How do fiber optic cables work?

How do fiber optic cables work?
Photo: Brett Sayles, Pexels.

Fiber optic cables carry data between two places utilizing an entirely light-based (optical) technology. To transmit data, the cable permits traveling of light which repeatedly bouncing off the walls through a process called total internal reflection.

The cladding and core bend incoming light at a specific angle via their refractive index. They also reflect light through a sequence of bounces known as modes.

Fiber optic cable or optical fiber cable, it’s a kind of ethernet cable which comprises a few or many optic fibers. Since they’re designed to relay light pulses, fiber optic cable supports high-speed data transmission and long-distance telecommunication.

Ordinarily, fiber optic cable can transmit data at a speed of 10 Gbps, 40 Gbps or up to 100 Gbps. Thus, this technology is broadly used in the globe’s internet, telephone systems, and cable television. Particles of light (tiny photon) bounce down the cable to the end.

However, the beam of light doesn’t leak out from the edges. Following are two factors that keep light inside the cable.

1# Total internal reflection – If light hits the glass at shallow angles of less than 42 degrees, it reflects the same with the mirror. 

2# Structure of the cable – Fiber optic cable is made of two separate parts: core and cladding. The middle and the main part is called core, and it’s the component via which light travels. Wrapped around the outer part is a glass layer called cladding.

The job of cladding is to retain light signals inside the core. Cladding has a lower refractive index and is composed of different forms of glass since the cable has different types of uses.

Types of fiber optic cables

Different forms of communication signals need different types of fiber for effective transmission. There are two types of fiber optic cables: single-mode and multimode fibers.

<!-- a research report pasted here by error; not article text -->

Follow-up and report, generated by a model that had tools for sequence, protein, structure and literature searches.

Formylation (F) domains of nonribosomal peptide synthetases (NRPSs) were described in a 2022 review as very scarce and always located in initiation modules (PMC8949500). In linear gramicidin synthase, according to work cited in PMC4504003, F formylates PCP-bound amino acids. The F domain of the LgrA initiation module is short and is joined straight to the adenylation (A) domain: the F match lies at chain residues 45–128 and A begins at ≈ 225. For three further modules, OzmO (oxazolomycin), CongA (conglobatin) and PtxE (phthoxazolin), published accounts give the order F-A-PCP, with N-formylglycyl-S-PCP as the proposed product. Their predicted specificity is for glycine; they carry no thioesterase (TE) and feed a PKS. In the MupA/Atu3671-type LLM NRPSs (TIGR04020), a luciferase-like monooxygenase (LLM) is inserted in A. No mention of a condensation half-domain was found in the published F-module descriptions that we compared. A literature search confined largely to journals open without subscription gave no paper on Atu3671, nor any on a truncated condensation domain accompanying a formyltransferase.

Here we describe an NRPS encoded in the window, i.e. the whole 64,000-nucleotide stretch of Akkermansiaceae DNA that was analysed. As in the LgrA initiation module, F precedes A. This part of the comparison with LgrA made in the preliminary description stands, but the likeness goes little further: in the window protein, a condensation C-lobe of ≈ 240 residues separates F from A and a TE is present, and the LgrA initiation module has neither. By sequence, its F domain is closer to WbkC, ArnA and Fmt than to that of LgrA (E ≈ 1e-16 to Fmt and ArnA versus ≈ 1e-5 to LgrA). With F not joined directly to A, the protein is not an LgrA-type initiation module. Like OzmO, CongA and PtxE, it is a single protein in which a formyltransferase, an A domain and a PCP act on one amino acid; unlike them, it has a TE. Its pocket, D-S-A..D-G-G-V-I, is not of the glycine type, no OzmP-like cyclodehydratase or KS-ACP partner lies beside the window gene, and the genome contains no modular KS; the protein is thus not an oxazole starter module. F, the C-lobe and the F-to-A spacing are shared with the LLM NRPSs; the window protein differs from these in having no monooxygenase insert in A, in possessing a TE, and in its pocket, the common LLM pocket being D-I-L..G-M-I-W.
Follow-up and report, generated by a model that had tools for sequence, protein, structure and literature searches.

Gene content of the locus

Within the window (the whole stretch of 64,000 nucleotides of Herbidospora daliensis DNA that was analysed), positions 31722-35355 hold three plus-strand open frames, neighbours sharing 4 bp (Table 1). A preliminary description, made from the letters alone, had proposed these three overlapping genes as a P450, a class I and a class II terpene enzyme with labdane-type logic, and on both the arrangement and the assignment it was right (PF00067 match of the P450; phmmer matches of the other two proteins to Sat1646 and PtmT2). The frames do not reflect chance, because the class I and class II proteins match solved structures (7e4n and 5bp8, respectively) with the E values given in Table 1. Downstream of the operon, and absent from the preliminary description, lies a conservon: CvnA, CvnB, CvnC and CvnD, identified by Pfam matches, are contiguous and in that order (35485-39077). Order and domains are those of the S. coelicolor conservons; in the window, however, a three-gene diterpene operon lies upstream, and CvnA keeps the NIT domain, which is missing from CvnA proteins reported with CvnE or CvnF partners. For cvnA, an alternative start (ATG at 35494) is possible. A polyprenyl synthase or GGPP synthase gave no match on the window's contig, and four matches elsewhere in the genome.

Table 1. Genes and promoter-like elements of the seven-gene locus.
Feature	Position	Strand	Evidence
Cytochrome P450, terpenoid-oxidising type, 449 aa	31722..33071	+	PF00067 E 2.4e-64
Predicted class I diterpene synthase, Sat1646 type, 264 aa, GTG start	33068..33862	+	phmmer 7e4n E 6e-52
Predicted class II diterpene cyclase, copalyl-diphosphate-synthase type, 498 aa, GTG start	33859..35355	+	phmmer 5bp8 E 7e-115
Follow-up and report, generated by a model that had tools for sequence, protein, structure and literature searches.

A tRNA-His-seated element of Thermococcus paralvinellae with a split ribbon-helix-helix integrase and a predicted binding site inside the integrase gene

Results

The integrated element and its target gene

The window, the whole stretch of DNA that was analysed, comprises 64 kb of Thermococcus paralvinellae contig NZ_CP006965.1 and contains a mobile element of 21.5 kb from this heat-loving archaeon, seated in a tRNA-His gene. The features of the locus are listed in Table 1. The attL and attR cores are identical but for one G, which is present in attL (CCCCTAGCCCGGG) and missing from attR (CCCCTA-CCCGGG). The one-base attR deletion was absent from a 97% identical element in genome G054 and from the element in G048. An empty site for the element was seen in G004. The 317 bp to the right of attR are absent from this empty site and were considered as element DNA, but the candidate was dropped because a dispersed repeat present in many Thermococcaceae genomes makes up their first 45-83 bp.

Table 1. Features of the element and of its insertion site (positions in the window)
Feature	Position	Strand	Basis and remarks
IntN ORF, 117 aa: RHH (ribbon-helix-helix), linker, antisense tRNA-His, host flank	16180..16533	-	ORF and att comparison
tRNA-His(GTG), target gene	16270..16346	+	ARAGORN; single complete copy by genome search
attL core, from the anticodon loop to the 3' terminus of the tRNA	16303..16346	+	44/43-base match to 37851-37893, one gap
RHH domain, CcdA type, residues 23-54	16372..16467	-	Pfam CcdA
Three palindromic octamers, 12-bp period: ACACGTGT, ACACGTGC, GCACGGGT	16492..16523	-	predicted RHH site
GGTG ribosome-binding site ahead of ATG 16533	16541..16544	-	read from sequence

1# Single-mode fiber – It’s the most common in global telecommunications systems. The design of the cable is to relay light energy on a single path, across long distances. The core is miniscule only bearing 8 microns in diameter.

It’s most applied for long-haul networks. And since it comprises one light path, there are fewer chances of distortion and overlapping signals. 

2# Multimode fiber – The cable has a bigger core and a diameter of up to 62.5 microns. It’s built to carry light signals to various paths simultaneously and usually covers a distance less than a mile. 

Some connected-home networks and data centers, for instance, prefer multimode fiber since it handles a vast amount of data in a space- and cost-efficient manner.  

The technology in fiber optic cable utilizes the following items and processes to get data across the world.

  • highly purified glass
  • laser
  • reflection
  • refraction
How do fiber optic cables work?
Photo: Pixabay, Pexels.

The core is composed of highly purified glass, for instance, silicon dioxide. The surrounding (cladding) is made of infused or “doped” glass, which consists of tiny elements such as boron and germanium. Doping the cladding minimizes its refraction index.

The shroud and plastic coating are made from sturdy fibers, for example, Kevlar or metal that holds it together. Then, the outer protective coating keeps the external environment, such as dirt or water, from messing the cable. 

Transmitting beam of light

Perhaps you envision on how fiber optic cable transmits phone calls and videos. Light exists in two major forms – on and off while the digital language in computers entails 1 and 0. The rapid blocking and unblocking of the light beam is translated as data packets making a sequence of 0s (on) and 1s (off).

Laser light enters from one end of the fiber cable and strikes the glass surface at a greater angle than the critical angle. The glass surface experiences total internal reflection; hence, the light can’t escape until it reaches its final destination.

Fiber technology can use infra-red or visible light since they’ve got the 2 below qualities.

  • Can travel long distances via glass
  • Small amounts are lost or absorbed

The plastic coating averts scratches on the glass surface. Hence, there’s no light lost from inside the fiber. Transmission systems send information through the fiber by changing electronic signals into light.

Transmission limitations

Fiber cable technology experiences the following 3 transmission limitations.

  • Transmission limited by dispersion and attenuation
  • Multimode fibers can encounter multimode dispersion and chromatic dispersion. Delayed rays lead to pulse spreading while individual wavelengths may travel in varying speeds respectively.
  • Dispersion forms an inherent operational limit referred to as bandwidth-distance product (BDP)